How can you make saying “NO” into a positive thing that can give you more time, less stress, and a sense of control over your life? The answer is to transform it from a short word into a two-letter acronym: N.O. – standing for Noble Objection.
At the heart of my best-selling book, The Yes/No Book is the “Noble Objection”.
The Noble Objection is an empowering alternative to saying “no”. No is a negative. It declines, it refuses, it denies. Consequently, many of us find it hard to say “no”. And many also find it a hard word to accept.
So, instead, why not be positive? Instead of saying “no”, make a Noble Objection (NO). You make a Noble Objection when you say “NO” for a positive, noble reason.
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Saying “no” capriciously, mendaciously or just because you don’t want to is far from noble. But, when you say “NO” because your other priorities outweigh this one, because you are not just a doormat, and because you have thought through the consequences, then you are doing the right thing.
How you say “NO” is important. Show respect if you want to retain respect. Be courteous, because that’s what noble people do. Your “NO” may be the right thing for you, but it may inconvenience me, so don’t make me feel worse than you need to.
Making the right choices and doing so respectfully is a perfectly reasonable thing to do. You do not need to say sorry for doing the right thing.
On the other hand, you may know how much inconvenience your “NO” may cause, and it will help me to accept the “NO” if you show that you understand that, and care. Sometimes, of course, you may value the relationship above the time commitment, and choose to say “YES”. If you do so, say “YES” with all your heart: nothing is worse than a grudging and puny “yes”.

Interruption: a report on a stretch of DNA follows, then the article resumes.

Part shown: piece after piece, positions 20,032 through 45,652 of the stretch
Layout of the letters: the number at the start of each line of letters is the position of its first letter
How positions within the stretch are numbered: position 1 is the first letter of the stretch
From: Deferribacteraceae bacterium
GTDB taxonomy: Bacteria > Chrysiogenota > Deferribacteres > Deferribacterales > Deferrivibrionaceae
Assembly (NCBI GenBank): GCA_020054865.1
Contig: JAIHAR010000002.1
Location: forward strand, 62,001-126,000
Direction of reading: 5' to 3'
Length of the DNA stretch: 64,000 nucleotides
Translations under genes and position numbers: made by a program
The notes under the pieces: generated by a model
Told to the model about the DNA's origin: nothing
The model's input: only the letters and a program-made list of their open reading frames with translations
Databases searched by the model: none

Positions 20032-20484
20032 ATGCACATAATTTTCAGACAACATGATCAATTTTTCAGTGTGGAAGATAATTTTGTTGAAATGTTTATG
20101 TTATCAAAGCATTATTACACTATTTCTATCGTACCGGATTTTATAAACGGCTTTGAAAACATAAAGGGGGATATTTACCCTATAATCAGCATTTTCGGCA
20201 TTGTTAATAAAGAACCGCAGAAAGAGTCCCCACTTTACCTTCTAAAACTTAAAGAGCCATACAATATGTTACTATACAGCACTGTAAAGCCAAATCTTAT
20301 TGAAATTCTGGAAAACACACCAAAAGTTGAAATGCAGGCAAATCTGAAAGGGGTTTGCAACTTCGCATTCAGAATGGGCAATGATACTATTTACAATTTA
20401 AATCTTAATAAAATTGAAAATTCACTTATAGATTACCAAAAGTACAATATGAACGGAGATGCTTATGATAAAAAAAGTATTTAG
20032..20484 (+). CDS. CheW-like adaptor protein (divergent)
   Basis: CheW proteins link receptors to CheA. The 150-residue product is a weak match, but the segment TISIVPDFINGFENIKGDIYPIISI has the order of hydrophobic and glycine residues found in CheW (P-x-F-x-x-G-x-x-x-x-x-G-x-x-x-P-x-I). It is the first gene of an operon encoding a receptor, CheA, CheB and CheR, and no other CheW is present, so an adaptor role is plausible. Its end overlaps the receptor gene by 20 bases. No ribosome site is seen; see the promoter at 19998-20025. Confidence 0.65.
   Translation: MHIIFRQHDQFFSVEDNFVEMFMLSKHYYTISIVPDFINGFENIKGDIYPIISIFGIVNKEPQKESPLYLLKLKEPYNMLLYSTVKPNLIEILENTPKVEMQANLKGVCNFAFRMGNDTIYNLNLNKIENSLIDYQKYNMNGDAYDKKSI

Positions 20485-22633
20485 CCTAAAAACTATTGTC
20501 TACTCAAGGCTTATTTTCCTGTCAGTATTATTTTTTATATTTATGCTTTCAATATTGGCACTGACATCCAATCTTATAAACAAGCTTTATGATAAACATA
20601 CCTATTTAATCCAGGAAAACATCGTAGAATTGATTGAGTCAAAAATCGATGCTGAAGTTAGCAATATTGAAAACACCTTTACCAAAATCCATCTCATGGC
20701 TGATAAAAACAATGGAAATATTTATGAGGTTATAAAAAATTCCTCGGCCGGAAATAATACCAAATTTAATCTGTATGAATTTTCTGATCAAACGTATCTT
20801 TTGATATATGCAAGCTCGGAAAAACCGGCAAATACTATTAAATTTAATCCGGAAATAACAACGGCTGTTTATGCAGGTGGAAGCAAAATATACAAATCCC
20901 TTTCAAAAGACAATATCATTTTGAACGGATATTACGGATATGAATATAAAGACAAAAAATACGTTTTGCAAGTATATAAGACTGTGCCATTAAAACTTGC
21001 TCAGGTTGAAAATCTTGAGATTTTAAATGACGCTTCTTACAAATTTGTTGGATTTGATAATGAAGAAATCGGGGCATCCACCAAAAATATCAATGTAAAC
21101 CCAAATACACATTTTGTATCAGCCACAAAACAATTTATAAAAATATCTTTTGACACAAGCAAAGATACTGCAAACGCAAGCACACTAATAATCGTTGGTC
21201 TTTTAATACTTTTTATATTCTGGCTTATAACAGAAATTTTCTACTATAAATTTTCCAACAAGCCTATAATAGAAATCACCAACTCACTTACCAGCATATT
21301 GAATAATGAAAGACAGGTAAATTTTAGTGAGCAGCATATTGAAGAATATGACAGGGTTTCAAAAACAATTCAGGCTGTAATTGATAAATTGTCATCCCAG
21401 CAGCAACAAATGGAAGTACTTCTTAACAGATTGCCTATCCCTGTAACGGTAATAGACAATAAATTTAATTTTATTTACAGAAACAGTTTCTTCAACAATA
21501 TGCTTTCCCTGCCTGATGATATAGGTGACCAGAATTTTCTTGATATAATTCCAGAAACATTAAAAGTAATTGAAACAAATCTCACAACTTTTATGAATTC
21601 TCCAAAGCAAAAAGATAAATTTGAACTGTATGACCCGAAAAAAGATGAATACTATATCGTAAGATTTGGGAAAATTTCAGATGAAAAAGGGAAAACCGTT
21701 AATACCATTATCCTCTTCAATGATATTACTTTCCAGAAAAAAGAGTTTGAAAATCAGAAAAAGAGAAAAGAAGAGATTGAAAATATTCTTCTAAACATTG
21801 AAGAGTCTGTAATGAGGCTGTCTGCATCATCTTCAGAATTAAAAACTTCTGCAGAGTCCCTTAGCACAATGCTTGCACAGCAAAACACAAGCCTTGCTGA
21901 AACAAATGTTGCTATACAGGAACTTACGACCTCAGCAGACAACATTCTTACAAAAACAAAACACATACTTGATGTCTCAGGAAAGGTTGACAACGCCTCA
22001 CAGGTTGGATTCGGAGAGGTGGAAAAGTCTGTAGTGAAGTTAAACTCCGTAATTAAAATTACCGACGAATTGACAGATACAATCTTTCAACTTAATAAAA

You don’t need to apologize for your “NO” but you may want to help me understand why you said it. In the science of influence, we learn that the word “because” has great power.
You may not have time to say “YES”, but it only takes a moment to be helpful and suggest alternatives. Who else could I ask? Where can I find useful information, resources, or tools? What could I try?
Don’t make a big deal of your Noble Objection – it will sound like you have doubts and open you up to attempts at manipulation or emotional blackmail. But that doesn’t mean you have to be curt and dismissive. Look me in the eye, stop what you are doing, listen to my request, and make your Noble Objection.
While staying courteous, firmly resist any attempts to persuade you otherwise, by repeating, patiently, your “NO”.
When you make a Noble Objection, you must remain open to new information that could change your assessment. If my attempt to persuade you otherwise gives you a new perspective, you must assess it. “NO” is only noble when the reasoning is sound: new information demands new reasoning – otherwise, you risk creating a didactic “no” that comes from arrogance.
… about the real reason for the “NO”. Don’t pretend there are bigger reasons than there are, nor blame it on other people. Taking responsibility for your “NO” is the only respectful route.
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Dr Mike Clayton is one of the most successful and in-demand project management trainers in the UK. He is author of 14 best-selling books, including four about project management. He is also a prolific blogger and contributor to ProjectManager.com and Project, the journal of the Association for Project Management. Between 1990 and 2002, Mike was a successful project manager, leading large project teams and delivering complex projects. In 2016, Mike launched OnlinePMCourses.
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